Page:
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Savant syndrome: unusual cognitive abilities

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The mechanisms that make the brain work are not only revealed through deficits caused by injuries.

In some cases, it is lthe existence of special or increased capacities which offers us clues about the functioning of the human nervous system and how abnormal brain function does not have to be synonymous with deficiencies. The Savant syndrome, also know as Sage Syndrome, is a clear example of it.

What is Savant Syndrome?

Savant Syndrome is a broad concept that encompasses a number of cognitive symptoms anomalies that are related to prodigious mental abilities. It may seem too ambiguous a definition, but the truth is that the so-called savant can display different types of enhanced cognitive faculties: from a quasi-photographic memory to the ability to write sentences backwards at high speed or perform complex mathematical calculations intuitively without prior training in math.

However, the areas in which people with savantism They stand out, they tend to be more or less well defined, and they do not have to involve only processes related to logical and rational thought. For example, it is perfectly possible that the Savant Syndrome expresses itself through a spontaneous ability to create artistic pieces.

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Although Savant Syndrome serves as a catch-all category to label many very different cases, almost all have in It is common to involve automatic and intuitive psychological processes, which do not cost the person with practice or effort. savantism.

The case of Kim Peek

One of the most famous cases of Savantism is that of Kim peek, which we already talked about in a previous article. Peek was able to memorize practically everything, including every page of the books he read. However, it is not the only case of a person with Savant Syndrome, and many of them have a similar ability to make everything that everything is recorded in memories.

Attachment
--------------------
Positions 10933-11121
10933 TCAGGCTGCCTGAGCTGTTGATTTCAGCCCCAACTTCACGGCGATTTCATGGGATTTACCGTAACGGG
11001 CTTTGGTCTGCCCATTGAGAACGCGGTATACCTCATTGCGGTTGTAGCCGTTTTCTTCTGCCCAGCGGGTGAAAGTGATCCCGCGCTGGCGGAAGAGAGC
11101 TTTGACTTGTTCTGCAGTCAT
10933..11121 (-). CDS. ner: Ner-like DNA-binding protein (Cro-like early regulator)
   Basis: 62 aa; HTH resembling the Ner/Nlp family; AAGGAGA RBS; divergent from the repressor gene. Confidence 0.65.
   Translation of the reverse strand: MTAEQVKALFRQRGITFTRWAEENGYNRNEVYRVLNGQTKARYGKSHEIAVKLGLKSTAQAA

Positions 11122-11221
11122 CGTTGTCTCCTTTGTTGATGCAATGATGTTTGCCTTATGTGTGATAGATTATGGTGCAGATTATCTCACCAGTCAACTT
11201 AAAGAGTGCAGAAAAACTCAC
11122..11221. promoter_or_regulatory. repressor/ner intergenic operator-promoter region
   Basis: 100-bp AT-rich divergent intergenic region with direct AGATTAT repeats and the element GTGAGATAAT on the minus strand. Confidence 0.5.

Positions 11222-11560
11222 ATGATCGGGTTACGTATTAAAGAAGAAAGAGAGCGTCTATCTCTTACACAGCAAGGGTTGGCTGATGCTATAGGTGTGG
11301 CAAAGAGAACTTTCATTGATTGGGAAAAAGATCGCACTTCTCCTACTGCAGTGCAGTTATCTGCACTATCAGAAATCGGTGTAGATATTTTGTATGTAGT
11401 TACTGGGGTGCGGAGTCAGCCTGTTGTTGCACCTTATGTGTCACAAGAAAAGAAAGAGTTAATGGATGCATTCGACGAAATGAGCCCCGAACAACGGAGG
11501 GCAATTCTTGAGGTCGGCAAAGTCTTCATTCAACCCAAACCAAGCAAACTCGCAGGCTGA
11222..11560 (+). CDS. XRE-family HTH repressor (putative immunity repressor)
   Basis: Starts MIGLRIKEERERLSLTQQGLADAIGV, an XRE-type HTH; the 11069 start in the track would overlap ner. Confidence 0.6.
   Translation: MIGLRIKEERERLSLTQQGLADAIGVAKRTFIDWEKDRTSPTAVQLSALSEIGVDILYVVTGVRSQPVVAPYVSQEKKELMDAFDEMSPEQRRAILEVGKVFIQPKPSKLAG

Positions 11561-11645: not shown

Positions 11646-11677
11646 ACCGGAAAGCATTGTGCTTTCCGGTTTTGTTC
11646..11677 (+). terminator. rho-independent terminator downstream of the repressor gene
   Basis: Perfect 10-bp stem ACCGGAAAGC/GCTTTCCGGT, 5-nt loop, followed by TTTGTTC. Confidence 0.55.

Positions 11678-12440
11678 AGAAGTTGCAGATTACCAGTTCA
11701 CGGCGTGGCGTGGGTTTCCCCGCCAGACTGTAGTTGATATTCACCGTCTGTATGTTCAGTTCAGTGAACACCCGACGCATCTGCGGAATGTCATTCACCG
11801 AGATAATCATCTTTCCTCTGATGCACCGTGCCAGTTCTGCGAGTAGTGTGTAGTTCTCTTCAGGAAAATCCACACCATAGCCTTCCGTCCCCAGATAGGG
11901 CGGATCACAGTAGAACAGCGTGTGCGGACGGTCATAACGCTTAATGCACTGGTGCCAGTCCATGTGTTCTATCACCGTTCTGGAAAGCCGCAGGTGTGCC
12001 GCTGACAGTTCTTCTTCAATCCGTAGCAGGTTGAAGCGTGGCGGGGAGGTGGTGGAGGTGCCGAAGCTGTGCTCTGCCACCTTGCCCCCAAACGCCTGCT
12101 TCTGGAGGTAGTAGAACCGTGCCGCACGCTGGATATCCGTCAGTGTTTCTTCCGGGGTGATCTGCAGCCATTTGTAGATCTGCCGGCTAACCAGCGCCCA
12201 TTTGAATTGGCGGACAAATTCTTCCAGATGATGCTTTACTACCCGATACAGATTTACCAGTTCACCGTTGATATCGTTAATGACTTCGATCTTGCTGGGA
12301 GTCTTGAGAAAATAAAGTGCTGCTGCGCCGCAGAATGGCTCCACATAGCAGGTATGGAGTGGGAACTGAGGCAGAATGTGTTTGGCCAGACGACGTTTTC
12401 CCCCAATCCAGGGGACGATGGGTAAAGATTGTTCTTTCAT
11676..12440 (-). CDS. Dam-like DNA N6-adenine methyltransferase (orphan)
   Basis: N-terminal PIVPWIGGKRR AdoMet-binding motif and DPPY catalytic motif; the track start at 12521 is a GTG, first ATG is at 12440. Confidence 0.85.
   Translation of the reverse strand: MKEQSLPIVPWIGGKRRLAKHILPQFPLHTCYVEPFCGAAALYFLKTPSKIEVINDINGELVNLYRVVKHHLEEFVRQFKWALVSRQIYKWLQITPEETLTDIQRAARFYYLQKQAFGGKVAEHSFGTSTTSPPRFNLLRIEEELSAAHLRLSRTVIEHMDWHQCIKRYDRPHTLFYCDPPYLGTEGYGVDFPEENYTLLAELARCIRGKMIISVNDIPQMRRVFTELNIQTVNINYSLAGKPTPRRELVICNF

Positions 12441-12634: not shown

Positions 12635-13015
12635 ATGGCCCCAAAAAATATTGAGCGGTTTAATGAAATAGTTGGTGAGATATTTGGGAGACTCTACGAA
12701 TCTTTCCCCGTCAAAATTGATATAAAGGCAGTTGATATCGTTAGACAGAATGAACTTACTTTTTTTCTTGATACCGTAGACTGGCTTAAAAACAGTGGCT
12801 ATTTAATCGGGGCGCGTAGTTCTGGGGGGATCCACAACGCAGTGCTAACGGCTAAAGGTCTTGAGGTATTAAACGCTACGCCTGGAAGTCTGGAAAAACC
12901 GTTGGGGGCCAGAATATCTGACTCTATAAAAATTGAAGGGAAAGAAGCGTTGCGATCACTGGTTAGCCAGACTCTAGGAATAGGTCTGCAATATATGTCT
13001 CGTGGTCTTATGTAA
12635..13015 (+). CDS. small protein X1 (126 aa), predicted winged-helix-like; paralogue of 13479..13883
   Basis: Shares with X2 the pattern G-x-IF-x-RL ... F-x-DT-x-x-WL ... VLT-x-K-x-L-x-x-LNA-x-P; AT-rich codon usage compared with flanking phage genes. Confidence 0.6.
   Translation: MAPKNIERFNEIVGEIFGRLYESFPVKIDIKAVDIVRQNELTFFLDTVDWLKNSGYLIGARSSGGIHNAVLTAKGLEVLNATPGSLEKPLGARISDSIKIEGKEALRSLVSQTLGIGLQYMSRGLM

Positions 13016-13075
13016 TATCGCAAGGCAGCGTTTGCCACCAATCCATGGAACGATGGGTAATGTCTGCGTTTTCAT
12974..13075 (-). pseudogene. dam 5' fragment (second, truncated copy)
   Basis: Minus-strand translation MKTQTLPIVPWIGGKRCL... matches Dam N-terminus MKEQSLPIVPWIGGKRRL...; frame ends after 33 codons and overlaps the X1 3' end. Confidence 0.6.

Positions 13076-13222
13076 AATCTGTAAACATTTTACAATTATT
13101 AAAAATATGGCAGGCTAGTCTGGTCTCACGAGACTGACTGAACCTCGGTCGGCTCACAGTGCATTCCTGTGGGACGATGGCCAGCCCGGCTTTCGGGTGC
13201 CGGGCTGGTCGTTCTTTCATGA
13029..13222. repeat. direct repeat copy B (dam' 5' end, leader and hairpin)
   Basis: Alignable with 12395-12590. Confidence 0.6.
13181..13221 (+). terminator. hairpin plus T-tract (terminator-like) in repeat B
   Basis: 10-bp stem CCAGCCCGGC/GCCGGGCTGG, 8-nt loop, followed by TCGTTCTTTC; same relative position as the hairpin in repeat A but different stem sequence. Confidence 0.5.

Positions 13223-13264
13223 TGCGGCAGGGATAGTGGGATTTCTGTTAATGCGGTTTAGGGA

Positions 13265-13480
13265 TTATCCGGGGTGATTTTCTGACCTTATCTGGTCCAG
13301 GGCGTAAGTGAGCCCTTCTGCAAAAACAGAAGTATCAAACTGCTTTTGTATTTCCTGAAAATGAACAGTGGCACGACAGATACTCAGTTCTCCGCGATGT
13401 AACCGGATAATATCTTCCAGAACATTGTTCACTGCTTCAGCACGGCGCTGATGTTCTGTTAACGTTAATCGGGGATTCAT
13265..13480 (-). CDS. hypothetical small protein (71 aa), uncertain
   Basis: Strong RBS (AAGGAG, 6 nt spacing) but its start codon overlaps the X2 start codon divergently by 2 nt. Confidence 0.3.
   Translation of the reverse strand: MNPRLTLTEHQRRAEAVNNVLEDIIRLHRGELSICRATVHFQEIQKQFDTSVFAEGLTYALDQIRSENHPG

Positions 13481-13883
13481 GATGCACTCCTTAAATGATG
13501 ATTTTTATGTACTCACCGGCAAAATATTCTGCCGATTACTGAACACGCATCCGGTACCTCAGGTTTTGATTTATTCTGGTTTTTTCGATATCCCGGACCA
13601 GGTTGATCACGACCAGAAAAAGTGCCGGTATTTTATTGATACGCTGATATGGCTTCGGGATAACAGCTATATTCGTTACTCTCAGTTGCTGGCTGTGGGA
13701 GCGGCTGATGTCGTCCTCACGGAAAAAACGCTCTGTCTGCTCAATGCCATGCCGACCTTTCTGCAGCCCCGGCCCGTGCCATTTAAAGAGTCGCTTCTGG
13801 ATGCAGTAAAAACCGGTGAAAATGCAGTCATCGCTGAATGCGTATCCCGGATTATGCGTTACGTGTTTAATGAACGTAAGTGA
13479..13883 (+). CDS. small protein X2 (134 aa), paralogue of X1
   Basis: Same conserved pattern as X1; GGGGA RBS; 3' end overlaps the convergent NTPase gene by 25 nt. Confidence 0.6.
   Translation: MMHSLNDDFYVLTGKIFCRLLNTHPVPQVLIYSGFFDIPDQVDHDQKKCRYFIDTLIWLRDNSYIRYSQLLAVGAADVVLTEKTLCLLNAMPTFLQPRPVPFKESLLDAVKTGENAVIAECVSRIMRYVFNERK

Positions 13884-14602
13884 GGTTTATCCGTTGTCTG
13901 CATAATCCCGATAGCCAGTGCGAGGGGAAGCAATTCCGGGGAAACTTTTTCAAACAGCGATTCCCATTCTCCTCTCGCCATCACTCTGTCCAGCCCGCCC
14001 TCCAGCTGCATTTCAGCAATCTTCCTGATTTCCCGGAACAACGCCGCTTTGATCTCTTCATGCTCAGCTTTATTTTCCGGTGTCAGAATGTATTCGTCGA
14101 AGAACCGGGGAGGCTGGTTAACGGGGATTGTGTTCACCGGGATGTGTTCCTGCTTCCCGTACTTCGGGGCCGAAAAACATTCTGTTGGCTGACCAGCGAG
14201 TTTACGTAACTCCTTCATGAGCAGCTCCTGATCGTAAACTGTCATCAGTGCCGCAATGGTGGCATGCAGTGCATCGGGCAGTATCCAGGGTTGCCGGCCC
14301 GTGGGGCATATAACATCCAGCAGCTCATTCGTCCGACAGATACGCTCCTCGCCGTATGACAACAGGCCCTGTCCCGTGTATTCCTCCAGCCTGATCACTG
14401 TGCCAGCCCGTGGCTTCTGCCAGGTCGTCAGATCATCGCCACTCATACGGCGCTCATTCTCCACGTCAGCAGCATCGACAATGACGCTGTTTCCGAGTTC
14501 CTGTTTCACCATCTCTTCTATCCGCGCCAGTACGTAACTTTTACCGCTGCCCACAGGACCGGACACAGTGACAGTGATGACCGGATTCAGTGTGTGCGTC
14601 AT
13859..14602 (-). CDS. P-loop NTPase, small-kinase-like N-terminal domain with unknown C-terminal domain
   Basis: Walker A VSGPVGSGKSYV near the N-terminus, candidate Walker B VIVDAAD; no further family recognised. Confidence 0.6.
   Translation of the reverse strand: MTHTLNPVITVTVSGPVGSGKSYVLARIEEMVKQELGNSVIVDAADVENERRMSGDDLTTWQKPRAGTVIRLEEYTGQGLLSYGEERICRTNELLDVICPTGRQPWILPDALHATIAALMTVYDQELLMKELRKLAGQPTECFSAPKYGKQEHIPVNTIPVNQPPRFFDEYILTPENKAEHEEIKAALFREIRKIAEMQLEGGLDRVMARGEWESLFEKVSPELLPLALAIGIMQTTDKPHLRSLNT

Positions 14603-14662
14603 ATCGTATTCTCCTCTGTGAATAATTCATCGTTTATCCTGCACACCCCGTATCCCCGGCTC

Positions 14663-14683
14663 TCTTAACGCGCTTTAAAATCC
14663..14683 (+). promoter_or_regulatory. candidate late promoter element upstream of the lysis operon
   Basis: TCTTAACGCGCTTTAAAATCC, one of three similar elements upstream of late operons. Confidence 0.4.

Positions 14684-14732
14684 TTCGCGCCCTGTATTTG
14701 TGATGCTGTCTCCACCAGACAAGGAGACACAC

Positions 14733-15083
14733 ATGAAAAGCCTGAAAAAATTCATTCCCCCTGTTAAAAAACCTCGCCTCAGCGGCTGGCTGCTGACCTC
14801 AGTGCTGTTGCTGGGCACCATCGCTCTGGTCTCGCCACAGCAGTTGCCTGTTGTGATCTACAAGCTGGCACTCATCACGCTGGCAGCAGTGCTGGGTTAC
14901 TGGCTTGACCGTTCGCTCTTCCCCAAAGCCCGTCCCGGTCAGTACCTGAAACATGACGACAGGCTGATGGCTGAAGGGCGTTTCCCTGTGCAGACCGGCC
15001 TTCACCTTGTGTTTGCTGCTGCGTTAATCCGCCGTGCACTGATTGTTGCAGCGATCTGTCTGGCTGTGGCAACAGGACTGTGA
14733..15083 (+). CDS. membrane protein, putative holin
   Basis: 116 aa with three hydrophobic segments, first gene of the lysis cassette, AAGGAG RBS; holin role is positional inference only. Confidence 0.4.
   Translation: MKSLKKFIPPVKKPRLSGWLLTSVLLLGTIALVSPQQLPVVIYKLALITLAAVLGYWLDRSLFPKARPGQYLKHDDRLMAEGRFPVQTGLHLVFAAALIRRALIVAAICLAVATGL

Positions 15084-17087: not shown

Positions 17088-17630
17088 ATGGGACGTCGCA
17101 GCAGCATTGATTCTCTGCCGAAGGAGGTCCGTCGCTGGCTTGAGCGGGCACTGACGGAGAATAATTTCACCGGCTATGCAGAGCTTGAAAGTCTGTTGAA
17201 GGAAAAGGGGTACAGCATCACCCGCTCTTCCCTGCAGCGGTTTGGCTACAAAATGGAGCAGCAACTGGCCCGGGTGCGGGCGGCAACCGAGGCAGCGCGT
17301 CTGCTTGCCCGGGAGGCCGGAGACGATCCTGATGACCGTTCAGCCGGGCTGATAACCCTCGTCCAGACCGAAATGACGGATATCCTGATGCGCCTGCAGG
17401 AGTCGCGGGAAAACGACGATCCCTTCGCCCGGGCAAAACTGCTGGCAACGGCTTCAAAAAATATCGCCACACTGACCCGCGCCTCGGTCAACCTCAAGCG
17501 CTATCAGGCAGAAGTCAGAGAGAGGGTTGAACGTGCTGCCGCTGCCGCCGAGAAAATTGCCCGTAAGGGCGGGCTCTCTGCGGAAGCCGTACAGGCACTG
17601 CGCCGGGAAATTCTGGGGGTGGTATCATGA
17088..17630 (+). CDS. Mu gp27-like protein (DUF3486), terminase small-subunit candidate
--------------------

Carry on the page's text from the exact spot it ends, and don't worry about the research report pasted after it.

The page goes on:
Some problems

Although the Sage Syndrome refers to increased cognitive abilities, in many cases it is associated with deficits in other respects, such as poor social skills or speech problems, and some researchers believe it is related to the Autistic spectrum or with the Asperger syndrome.

This is consistent with a conception of the brain as a set of limited resources that must be well managed. If many areas of the brain are constantly fighting for the resources necessary to function and there is a decompensation In the way of distributing them, it is not unreasonable that some capacities grow at the expense of others.

However, part of the reasons why presenting Savantism does not have to be all advantages lies beyond the autonomous functioning of the brain. Specifically, in the social fit of these people. Having a series of faculties that can be labeled under the idea of ​​Savant Syndrome is, in part, perceiving the world in a very different way from how other people do.

Therefore, if the two parties are not sufficiently sensitized to put themselves in the place the other and make life together easier, the person with Savantism may suffer the consequences of the marginalization or other difficult barriers to overcome.

What is the origin of Savantism?

The quick answer to this question is that it is not known. However, there are indications that many of these cases can be explained by a functional asymmetry between the two cerebral hemispheres, or something that alters the way these two halves work together.

Specifically, it is believed that the expansion of some functional areas of the right hemisphere that appears to compensating for some deficiencies in the left hemisphere could be the cause of such a set of symptoms varied. However, there is still enough for us to have the complete picture of a neurological phenomenon as complex as this.

Bibliographic references:

  • Corrigan, N. (2012). Toward a better understanding of the savant brain. Comprehensive psychiatry, 53 (6), pp. 706 - 717.
  • Howlin, P. (2012). Understanding savant skills in autism. Developmental Medicine and Child Neurology, 54 (6), pp. 484 - 484.
  • Treffert, D. (2014). Savant Syndrome: Realities, Myths and Misconceptions. Journal of Autism and Developmental Disorders, 44 (3), pp. 564 - 571.
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